It could be a beautiful drive on the new highway to the hospital and Bert T. Combs Lake. The new bridge and freshly paved road look great. Millions of dollars have been spent on the highway, but one thing is making it and nearly all roads in Clay County look horrible right now—roadside litter.
Plastic bottles, restaurant bags, pizza boxes daunt the new Memorial Drive taking away from its natural beauty.
I’m sure you’ve seen it on your road, the ditch lines are full and overgrown grass is hiding some of it.
As you travel the state highway past AdventHealth to Bert T. Combs campground and lake you find rolling pastures and beautiful scenery. It’s one of the most beautiful drives in Clay County some will tell you. Once you get to the lake you will find a beautiful dock leading out in the water. It’s a beautiful scene. Then you’ll turn your head to the right and see more garbage and the new overflow wall completely covered with profanity laced graffiti.
Another beautiful spot in our county degraded by a select few.
Many people visit the lake right now to fish and kayak. The lake could be a beautiful place, but some chose to make bad decisions on public property.
During my drive Monday I personally counted over 30 campers at the Bert T. Combs campground. Obviously, I don’t know how many of those belong to people visiting our town and county, but they all had to drive past the garbage that littered the road and that garbage leaves a horrible impression of our hometown.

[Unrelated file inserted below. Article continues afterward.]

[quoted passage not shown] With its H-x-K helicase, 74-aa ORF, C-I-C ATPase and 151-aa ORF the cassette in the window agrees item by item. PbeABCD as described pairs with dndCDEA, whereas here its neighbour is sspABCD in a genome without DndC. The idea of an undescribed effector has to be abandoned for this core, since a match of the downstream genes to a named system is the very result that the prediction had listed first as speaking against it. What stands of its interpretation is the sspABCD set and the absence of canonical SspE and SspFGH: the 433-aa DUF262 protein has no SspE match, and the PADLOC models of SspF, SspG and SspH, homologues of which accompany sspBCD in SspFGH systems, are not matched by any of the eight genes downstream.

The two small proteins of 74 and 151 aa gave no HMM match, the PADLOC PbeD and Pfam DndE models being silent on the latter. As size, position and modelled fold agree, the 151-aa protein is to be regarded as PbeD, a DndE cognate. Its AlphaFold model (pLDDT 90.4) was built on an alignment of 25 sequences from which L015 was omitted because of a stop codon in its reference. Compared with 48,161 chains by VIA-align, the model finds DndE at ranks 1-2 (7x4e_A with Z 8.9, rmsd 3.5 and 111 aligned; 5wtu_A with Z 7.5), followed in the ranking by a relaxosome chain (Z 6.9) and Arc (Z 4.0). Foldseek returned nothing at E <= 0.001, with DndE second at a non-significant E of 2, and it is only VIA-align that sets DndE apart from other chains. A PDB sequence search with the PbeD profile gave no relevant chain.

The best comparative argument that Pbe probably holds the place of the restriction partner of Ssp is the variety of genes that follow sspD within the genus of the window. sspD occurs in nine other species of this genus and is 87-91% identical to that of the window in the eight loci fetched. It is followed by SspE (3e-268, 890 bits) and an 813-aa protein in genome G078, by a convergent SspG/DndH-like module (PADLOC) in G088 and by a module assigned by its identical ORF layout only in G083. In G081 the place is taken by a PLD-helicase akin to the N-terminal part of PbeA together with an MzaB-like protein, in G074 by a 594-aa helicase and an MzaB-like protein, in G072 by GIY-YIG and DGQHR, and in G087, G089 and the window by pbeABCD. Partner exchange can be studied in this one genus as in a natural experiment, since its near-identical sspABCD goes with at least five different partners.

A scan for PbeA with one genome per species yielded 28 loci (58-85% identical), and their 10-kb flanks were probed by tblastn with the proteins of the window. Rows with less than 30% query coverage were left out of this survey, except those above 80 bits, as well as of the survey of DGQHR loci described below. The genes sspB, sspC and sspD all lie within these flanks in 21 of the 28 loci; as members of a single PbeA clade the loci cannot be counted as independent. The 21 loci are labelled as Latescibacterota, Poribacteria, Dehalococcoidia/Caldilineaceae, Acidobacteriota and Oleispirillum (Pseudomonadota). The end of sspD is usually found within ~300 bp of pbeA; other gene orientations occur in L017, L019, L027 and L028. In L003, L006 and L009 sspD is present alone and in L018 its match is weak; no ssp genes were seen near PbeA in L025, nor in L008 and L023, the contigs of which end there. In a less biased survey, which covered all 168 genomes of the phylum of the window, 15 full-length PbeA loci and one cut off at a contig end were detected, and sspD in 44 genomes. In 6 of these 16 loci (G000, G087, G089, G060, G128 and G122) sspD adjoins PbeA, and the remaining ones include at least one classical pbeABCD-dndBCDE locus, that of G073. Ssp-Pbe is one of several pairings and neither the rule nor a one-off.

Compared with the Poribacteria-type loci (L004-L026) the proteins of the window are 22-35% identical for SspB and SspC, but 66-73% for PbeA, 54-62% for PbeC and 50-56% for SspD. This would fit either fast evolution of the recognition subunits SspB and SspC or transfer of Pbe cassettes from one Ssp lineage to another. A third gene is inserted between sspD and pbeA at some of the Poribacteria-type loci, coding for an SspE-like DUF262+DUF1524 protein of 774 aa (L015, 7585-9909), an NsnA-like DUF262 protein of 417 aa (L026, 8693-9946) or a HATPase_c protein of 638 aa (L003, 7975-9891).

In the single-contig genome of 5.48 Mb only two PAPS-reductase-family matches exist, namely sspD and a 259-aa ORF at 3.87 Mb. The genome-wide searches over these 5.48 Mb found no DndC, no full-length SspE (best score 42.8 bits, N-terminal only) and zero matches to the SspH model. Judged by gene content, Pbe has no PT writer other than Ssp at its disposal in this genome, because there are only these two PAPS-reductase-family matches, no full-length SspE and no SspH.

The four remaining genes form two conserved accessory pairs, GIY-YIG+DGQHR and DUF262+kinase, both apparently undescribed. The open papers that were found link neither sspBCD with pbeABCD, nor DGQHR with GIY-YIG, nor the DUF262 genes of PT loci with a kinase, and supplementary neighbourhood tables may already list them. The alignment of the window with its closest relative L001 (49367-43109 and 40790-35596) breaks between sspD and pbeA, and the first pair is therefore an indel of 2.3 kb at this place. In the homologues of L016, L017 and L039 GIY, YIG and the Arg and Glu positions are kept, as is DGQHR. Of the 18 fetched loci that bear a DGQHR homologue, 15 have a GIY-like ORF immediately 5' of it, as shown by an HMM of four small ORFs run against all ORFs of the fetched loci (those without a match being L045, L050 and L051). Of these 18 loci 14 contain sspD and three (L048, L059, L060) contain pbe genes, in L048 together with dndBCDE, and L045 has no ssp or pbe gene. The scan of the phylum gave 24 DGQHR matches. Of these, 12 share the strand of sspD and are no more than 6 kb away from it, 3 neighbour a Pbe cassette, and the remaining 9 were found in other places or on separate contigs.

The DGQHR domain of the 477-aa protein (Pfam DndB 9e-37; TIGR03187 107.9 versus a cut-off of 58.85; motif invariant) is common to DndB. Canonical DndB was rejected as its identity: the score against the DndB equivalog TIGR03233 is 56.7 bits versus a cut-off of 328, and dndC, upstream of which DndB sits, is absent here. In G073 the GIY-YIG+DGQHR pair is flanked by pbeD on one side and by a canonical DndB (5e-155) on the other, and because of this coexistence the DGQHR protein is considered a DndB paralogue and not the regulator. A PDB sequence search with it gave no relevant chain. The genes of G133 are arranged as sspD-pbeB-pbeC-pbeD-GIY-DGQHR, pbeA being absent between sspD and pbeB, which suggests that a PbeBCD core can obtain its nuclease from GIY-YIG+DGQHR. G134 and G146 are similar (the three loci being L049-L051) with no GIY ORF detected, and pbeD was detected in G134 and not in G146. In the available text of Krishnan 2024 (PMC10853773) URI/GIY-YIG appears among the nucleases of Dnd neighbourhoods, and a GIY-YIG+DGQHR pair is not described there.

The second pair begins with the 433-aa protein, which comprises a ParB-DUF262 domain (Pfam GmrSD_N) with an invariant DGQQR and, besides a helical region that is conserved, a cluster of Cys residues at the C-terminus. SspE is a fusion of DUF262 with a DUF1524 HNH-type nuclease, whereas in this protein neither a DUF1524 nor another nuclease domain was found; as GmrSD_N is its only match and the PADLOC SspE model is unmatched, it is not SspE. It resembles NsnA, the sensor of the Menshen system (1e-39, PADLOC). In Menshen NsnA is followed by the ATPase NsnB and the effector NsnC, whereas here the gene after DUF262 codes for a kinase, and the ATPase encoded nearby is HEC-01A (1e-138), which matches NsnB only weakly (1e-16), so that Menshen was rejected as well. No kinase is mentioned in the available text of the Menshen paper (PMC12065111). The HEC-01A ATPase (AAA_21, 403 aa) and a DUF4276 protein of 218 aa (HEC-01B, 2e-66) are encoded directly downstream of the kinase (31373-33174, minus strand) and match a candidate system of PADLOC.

We have a beautiful county; except we have one serious problem and that’s garbage.
It’s not just on this road, it’s on all roads and the problem has noticeably gotten worse since the COVID-19 pandemic began.
You ask what does the pandemic have to do with garbage? More than you may realize.
State government is not allowing jails to utilize inmates to pick up trash along our roadways due to the possible spread of the virus.
Since early April Jailer Linda Smallwood has not been allowed to use inmates to pick up garbage per the state mandate. I don’t know if we realized how much work the inmate crews were performing, but I think the lack of having them is glaring along our roads now.
So why don’t local government entities pick up the garbage? Neither the state road crews, city or county have the manpower to pick up trash from the roads.
How do we fix this problem?
We can all look squarely in the mirror on this one. Nobody is coming to bail us out. Nobody is going to throw money at us to solve this problem. It’s up to you and me to keep our county clean. This issue starts at home, it starts with us.
A few months ago, a social media firestorm emerged over the graffiti at the lake. Many volunteered to help paint the retaining wall. But that enthusiasm has went away now.
The Kentucky Department of Fish and Wildlife has appropriated $500 worth of paint and supplies for the wall, yet no one has utilized it.
Is someone to blame? No. We’re all to blame actually. Unless we take a stance and volunteer our time nothing will change.
A small group of citizens is not going to solve this problem. Organizations like Project Hope and Stay in Clay can only do so much. We, as citizens, can’t expect others to solve our issues.
Like the old saying goes, “it takes a village to raise a child.” It’s going to take a village to clean up our roads.
You may ask why we chose to do this story—because we love our town and county. Hopefully drawing attention to this issue will spur the momentum needed to help solve this problem.